Authors: Jennifer Howard, Séverine Loizon, Christopher Tyler, Dorothée Duluc, Bernhard Moser, Matthieu Méchain, Alexandre Duvignaud, Denis Malvy, Marita Troye-Blomberg, Jean-François Moreau, Matthias Eberl, Odile Mercereau-Puijalon, Julie Déchanet-Merville, Charlotte Behr & Maria Mamani-Matsuda.
Jenny Howard: former PhD student (from 2011 to 2015) in the CNRS UMR5164
Charlotte Behr: group leader (from 2005 to 2013†) in the CNRS UMR5164
Abstract: During Plasmodium falciparum infections, erythrocyte-stage parasites inhibit dendritic cell maturation and function; compromising development of effective anti-malarial adaptive immunity. Human Vγ9Vδ2 T-cells can act in vitro as APCs and induce αβ T-cell activation. However, the relevance of this activity in pathophysiological contexts in vivo has remained elusive. Since Vγ9Vδ2 T-cells are activated during the early immune response against P.falciparum infection, we investigated whether they could contribute to the instruction of adaptive immune responses toward malaria parasites. In P.falciparum-infected patients,Vγ9Vδ2 T-cells presented an increased surface expression of APC-associated markers HLA-DR and CD86. In response to infected red blood cells in vitro, Vγ9Vδ2 T-cells readily up-regulated surface expression of HLA-DR, HLA-ABC, CD40, CD80, CD83 and CD86, induced naive αβ T-cell responses, and cross-presented soluble prototypical protein to antigen-specific CD8+ T-cells. Our findings indicate that P. falciparum parasites induce genuine APC properties in Vγ9Vδ2 T-cells and qualify this subset as an alternative professional APC in malaria patients, which could be harnessed for therapeutic interventions and vaccine design.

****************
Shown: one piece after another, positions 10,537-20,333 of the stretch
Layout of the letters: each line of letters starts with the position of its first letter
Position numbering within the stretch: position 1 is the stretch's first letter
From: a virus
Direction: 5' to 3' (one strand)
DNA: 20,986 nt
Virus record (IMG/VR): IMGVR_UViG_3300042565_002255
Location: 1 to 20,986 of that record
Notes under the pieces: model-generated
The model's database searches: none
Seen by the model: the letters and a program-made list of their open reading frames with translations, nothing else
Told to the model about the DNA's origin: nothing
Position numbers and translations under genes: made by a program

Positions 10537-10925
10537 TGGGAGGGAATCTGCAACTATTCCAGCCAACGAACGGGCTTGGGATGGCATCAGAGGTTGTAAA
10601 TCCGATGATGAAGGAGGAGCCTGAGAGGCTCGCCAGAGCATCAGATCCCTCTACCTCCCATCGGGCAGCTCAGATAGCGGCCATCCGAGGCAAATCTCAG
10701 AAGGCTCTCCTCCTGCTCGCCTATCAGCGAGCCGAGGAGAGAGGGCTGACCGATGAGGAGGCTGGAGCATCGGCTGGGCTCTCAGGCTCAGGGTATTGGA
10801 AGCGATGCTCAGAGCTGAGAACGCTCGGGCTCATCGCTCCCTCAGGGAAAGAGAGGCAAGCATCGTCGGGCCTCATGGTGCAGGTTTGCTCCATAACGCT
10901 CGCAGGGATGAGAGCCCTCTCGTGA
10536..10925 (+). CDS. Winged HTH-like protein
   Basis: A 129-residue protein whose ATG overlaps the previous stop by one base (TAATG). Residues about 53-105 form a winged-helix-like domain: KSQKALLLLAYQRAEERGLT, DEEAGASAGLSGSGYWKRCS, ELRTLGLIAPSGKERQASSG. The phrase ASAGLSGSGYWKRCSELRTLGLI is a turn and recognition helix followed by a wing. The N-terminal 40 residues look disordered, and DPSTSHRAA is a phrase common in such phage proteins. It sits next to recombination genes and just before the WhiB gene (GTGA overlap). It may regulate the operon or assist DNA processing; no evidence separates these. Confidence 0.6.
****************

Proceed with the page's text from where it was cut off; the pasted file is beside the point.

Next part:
Find the publication in advance HERE.